Dec 302014
 

Ah, back in the days when rocket manufacturers proudly advertised their wares… missiles and rockets Sept 61 thiokol rocket ad

 Posted by at 2:34 am
  • Bob

    I was looking at some old American Rocket Society magazines about 20 years ago from about 1960 and I saw an ad I don’t know if it was Aerojet or Thiokol but they were pushing for a giant solid fuel moon rocket. The pressure vessel would be built like a giant building welded together on the launch pad. Then the solid fuel wouldn’t be poured but was laid in cinderblock sized bricks by workers inside the pressure vessel troweled up with uncured fuel. They had cartoons of all of this in the ad. I leave it to your imagination what would happen if they were working in there and there was a spark. No smoking and no elastic underwear allowed!

    • publiusr

      I would love to see that–and the cow being cooked.

  • se jones

    So Scott, what’s the deal with public viewing of the next 5 segment SRB test in March?
    How close can a person get?
    Is there a good spot on the hills between your house and the test site to the West where you can look down on it?
    ——————————————————————————————————–

    Every once in a while, a manufacturer will take the plunge, like this full page ad in the Dec 15th AW&ST. LM also put this same ad FULL PAGE in color in the Denver Post. The Post is a full sized, regional, broadsheet paper, so it must have cost LM quite a bit.

    Naturally it’s controversial in the aerospace community, as in “what the hell does Orion have to do with a manned (sorry – crewed) Mars mission?

    • Scottlowther

      > what’s the deal with public viewing of the next 5 segment SRB test in March?

      You show up. The earlier you show up, the better the parking spot… and the longer you’ll have to stay there when it’s over.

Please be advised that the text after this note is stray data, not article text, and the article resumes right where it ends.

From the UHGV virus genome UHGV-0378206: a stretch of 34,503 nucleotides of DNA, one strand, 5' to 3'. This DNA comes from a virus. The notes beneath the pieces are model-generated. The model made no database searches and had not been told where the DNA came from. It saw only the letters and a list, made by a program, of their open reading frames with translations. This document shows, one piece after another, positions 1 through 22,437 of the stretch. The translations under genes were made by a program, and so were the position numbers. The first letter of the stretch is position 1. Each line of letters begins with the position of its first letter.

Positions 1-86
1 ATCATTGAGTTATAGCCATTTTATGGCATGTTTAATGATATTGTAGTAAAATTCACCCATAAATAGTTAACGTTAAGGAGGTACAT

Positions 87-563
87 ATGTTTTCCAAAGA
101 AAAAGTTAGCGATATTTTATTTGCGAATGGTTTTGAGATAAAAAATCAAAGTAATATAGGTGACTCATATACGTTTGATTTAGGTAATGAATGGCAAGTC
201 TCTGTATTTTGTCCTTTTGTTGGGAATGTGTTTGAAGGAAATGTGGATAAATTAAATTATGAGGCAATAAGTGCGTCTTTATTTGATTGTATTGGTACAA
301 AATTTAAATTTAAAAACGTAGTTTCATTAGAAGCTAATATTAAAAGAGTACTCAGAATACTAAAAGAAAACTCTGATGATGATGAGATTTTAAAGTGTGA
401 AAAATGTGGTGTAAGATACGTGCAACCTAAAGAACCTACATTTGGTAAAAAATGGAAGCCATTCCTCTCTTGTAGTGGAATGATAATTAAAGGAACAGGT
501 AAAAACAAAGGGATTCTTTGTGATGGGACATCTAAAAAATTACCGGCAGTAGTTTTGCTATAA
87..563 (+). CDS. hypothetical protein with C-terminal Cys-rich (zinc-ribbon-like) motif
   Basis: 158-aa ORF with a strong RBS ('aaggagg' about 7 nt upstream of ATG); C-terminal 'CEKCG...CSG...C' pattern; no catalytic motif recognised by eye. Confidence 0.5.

> How close can a person get?

      About 8,000 feet.

      > Is there a good spot on the hills between your house and the test site to the West where you can look down on it?

      To certain limits of the definition of “you,” sure. The land is privately owned, so you’d have to trespass to get up to the top of the hill to look down on the test. ATK, NASA and DoD security might not be over-fond of you for doing so. But if you succeed, then you might get the thrill of the end of a lifetime. I understand that a cow managed to get to the top of the hill just as an RSRM was fired up, a decade or two ago; ATK had to compensate the rancher for the overcooked beefcritter that resulted.

      • se jones

        Mkay, thanks.

    • Chris Jones

      This slogan (“one step closer to Mars”) has been ubiquitous after the test flight, presumably hyped so by NASA. It’s true but essentially meaningless. “One step closer to Neptune” or “one flight closer to the shuttering of NASA” are equally true and all but meaningless.

    • publiusr

      Well it’s like this see. There was this huge ship that went out to Mars, but all they needed was Orion on the way back.
      They just practiced Yoga really hard so to not have to breathe or eat…